A new study finds that Europeans spend more than 700 billion pounds (800 billion euros) annually on recreational visits to water bodies – but the perceived decline in water quality costs around 90 billion pounds (100 billion euros) in lost visits.
The new research – led by a European collaboration that includes the University of Exeter and the University of Stirling – used data from 11,000 visits in 14 different countries to analyze the economic value of water bodies, such as rivers, lakes, waterfalls, beaches and coastal parks. .
The research team estimated that people spend an average of £ 35 (€ 40) to travel to and from these locations, with a typical family making 45 such trips each year.
The team also found that people were less likely to visit sites if the perceived water quality declined, at a cost of more than € 100 billion annually. The results highlight the importance of maintaining and improving bathing water quality standards.
Posted in Macro ecology, The team calculates that across Europe, total spending related to trips to water-based venues exceeds £ 700 billion per year.
Professor Tobias Burger, from the Berlin School of Economics and Law, used the data collected as part of the EU-funded BlueHealth project, which included more than 18,000 people on their use of water bodies and their health and well-being. He explained: “The COVID-19 crisis has taught us how important access to natural green and blue spaces is for people’s mental health and well-being. Our research highlights that it is also critical for the economy to maintain high levels of water quality, as the pandemic crisis begins to recede. ”
According to directives adopted by the European Commission, across EU member states, more than 15,000 coastal sites and nearly 7,000 inland bathing water sites must now display signs indicating water quality over the past four years. About 95 percent of the sites meet minimum quality standards and are considered safe to shower, while 85 percent are rated as having excellent water quality.
Professor Danny Campbell, of the University of Stirling, who is a co-author of the study, added: “While the study reveals that changes in water quality are important to people, we found that household income and educational attainment have nothing to do with visiting water bodies. The benefits of such visits are indeed in terms of entertainment, health and well-being. “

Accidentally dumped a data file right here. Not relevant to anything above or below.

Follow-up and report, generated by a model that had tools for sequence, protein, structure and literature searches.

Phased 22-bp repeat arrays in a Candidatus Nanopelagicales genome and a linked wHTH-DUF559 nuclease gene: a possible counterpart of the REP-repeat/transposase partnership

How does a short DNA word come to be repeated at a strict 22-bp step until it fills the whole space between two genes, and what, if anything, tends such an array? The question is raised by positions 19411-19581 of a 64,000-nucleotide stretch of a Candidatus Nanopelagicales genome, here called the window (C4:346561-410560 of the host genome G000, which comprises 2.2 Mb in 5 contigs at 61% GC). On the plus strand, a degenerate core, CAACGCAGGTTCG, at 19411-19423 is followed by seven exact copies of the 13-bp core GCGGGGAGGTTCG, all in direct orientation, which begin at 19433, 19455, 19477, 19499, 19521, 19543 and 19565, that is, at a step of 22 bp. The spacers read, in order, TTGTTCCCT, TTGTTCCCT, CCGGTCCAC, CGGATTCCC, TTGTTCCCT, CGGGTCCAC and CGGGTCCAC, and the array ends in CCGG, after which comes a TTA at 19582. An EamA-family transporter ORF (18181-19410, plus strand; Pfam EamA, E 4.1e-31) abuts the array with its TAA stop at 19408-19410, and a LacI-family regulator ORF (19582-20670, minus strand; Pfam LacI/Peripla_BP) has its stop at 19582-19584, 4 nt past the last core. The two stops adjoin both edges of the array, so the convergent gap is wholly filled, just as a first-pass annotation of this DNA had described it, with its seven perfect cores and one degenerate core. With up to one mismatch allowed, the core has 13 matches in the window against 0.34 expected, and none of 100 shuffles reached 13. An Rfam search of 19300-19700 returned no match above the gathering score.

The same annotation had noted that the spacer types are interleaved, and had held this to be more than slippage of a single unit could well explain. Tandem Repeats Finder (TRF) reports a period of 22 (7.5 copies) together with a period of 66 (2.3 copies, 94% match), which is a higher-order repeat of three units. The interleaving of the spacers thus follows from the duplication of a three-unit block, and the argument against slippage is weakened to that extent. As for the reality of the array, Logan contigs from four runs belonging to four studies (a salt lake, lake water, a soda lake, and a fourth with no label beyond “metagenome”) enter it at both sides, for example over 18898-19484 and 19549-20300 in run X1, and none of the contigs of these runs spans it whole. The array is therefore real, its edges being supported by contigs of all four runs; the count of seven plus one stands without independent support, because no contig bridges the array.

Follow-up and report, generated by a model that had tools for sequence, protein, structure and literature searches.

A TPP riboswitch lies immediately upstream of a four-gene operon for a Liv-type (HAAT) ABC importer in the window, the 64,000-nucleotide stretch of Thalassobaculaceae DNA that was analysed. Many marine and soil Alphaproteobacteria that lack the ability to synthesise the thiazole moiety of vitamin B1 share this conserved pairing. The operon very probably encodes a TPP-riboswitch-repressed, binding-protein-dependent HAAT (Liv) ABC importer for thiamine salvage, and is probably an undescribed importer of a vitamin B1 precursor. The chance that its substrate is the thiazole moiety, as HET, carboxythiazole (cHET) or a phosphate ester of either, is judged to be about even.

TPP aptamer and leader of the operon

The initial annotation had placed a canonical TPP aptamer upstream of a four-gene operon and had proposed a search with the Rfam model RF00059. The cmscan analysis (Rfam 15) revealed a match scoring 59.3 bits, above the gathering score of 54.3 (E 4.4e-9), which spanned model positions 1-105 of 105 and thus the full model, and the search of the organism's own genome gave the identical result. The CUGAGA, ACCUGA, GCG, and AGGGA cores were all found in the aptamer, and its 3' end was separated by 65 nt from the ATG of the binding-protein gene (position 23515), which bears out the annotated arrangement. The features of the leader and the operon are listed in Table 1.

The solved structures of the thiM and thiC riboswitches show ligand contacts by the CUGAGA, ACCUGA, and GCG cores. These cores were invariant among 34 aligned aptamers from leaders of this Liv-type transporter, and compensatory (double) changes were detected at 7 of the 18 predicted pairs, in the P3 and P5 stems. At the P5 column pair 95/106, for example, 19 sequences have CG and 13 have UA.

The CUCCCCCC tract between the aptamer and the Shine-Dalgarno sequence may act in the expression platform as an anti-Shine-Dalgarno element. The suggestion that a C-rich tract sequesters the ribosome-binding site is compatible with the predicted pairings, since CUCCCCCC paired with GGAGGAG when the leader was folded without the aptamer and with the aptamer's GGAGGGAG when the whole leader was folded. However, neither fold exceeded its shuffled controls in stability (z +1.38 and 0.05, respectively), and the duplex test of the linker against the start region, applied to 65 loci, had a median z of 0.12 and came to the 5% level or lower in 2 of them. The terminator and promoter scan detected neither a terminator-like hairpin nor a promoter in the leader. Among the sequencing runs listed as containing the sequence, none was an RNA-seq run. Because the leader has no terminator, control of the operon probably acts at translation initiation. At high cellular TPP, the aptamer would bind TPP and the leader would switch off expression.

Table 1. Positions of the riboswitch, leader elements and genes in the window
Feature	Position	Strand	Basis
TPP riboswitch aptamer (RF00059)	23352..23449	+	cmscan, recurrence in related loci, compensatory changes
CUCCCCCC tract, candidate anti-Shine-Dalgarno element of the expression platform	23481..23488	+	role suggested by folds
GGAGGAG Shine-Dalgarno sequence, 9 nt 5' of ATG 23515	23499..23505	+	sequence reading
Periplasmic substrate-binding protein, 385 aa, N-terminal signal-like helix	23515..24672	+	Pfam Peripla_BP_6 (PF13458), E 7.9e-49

The results fit well with a growing body of work investigating people’s experiences in inland and coastal waters and health across Europe. “Blue spaces benefit people in many ways,” said study co-author Dr. Matthew White of the University of Exeter. They encourage physical activity, help de-stress and relax, and are important places to spend quality time with family and friends, and all the things that help people have mental health. “This research found that good water quality is the key in encouraging people to take advantage of these benefits.”
The team hopes their study will help planners and organizers justify the costs of building and maintaining the infrastructure needed to keep the quality of shower water high.
magazine: Macro Ecology
Title: The Recreation Value of Blue Space and the Perceived Water Quality Across Europe: An Emergent Behavior Study
Authors: Tobias Börgera, b *, Danny Campbellb, Mathew P. Whitec, d, Lewis R. Elliottd, Lora E. Flemingd, Joanne K. Garrett d, Caroline Hattame, Stephen Hynesf, Tuija Lankiag, Tim Taylord
Department of Business and Economics, Berlin School of Economics and Law, Germany
(B) The Applied Choice Research Group, University of Stirling School of Management, United Kingdom
Cognitive Science Center, University of Vienna, Austria
(D) European Center for the Environment and Human Health, University of Exeter College of Medicine, United Kingdom
The ICF, Plymouth, UK
(F) Socio-Economic Maritime Research Unit, Whitaker Institute, National University of Ireland, Galway, Ireland
Finland Natural Resources Institute (LUKE), Finland